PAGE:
The eNPS reflects how employees feel about your company and, like the NPS, is based on one simple question: "On a scale of 1 to 10, how likely are you to recommend us as a place to work for your family and friends?"

eNPS gives employers a deep insight into how happy their employees are with their company, what can be done for the betterment, and so on.

Based on the answers to the eNPS survey, your employees will fall under three categories -

  1. Promoters - They are your engaged employees with a score of 9 -10.
  2. Neutrals - They are your employees with a score of 7-8.
  3. Detractors - The employees range between a score from 0-6.

How to Calculate eNPS?

It is a very simple formula. Begin by calculating the eNPS score of your company or a specific department:

a) The percentage of respondents who are promoters

b) The percentage of respondents who are detractors

c) Subtract the promoter percentage from the detractor percentage. To put it another way:

eNPS = % of Promoters - % of Detractors

For instance:

Assume your company has 500 employees who all complete the eNPS questionnaire. When you get their results, you notice that out of the 500 employees:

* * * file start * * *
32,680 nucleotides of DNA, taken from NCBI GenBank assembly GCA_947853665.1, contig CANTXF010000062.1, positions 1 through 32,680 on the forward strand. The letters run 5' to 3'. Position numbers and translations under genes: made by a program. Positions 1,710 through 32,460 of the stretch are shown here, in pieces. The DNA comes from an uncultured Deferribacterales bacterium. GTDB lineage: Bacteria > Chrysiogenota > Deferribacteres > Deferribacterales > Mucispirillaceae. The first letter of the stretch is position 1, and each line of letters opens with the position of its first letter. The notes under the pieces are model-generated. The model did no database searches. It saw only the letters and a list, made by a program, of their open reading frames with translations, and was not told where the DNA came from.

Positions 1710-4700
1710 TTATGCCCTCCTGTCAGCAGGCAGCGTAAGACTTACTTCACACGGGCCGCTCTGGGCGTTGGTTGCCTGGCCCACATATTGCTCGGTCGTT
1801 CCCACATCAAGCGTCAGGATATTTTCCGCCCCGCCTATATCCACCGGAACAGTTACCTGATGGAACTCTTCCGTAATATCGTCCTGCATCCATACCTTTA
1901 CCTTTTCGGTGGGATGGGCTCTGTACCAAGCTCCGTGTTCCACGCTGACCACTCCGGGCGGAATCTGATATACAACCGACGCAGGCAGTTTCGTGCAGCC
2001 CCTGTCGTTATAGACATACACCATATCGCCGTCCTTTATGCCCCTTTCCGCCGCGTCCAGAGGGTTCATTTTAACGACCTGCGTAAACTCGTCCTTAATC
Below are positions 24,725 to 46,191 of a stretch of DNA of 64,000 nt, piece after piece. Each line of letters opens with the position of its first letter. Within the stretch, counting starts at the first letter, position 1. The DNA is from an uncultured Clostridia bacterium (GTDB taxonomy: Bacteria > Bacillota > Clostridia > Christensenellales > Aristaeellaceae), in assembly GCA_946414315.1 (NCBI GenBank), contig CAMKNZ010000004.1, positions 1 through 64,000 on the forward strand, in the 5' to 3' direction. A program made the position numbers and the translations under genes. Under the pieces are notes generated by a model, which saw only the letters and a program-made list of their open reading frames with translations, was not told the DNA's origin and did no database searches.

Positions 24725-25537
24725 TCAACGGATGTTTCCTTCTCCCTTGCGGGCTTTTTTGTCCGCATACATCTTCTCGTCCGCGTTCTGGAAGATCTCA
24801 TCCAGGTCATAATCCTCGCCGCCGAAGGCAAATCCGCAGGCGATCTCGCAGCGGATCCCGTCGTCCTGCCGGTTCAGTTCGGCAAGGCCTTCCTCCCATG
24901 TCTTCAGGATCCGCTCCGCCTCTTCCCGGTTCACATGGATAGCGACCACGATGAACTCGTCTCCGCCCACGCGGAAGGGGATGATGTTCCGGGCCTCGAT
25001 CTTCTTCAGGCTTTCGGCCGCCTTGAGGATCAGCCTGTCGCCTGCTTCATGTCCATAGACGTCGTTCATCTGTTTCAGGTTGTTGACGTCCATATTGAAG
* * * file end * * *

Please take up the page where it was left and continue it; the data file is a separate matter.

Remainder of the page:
180 people (36%) are promoters.

200 people (40%) are neutral.

120 (24%) are negative.

So, 24% of your employees are detractors, while 36% are promoters. Thus:

36% (promoters) - 24% (detractors) = 12%

Thus your eNPS is +12.

The above example indicates a relatively high eNPS since the percentage of promoters is more than that of detractors. Had the case been reversed, the number of detractors would have been more than the number of promoters.

When calculating the eNPS, neutral employees are excluded because their score alone does not provide useful information. Obtaining feedback from these employees, on the other hand, is critical. Employees who did not answer this question are also neutrals.

Why eNPS is Important?

In today’s date eNPS is a requirement, because better employee engagement is a necessity for a company’s success. Let’s have a look at why eNPS is important:

1) Improves Company Workflow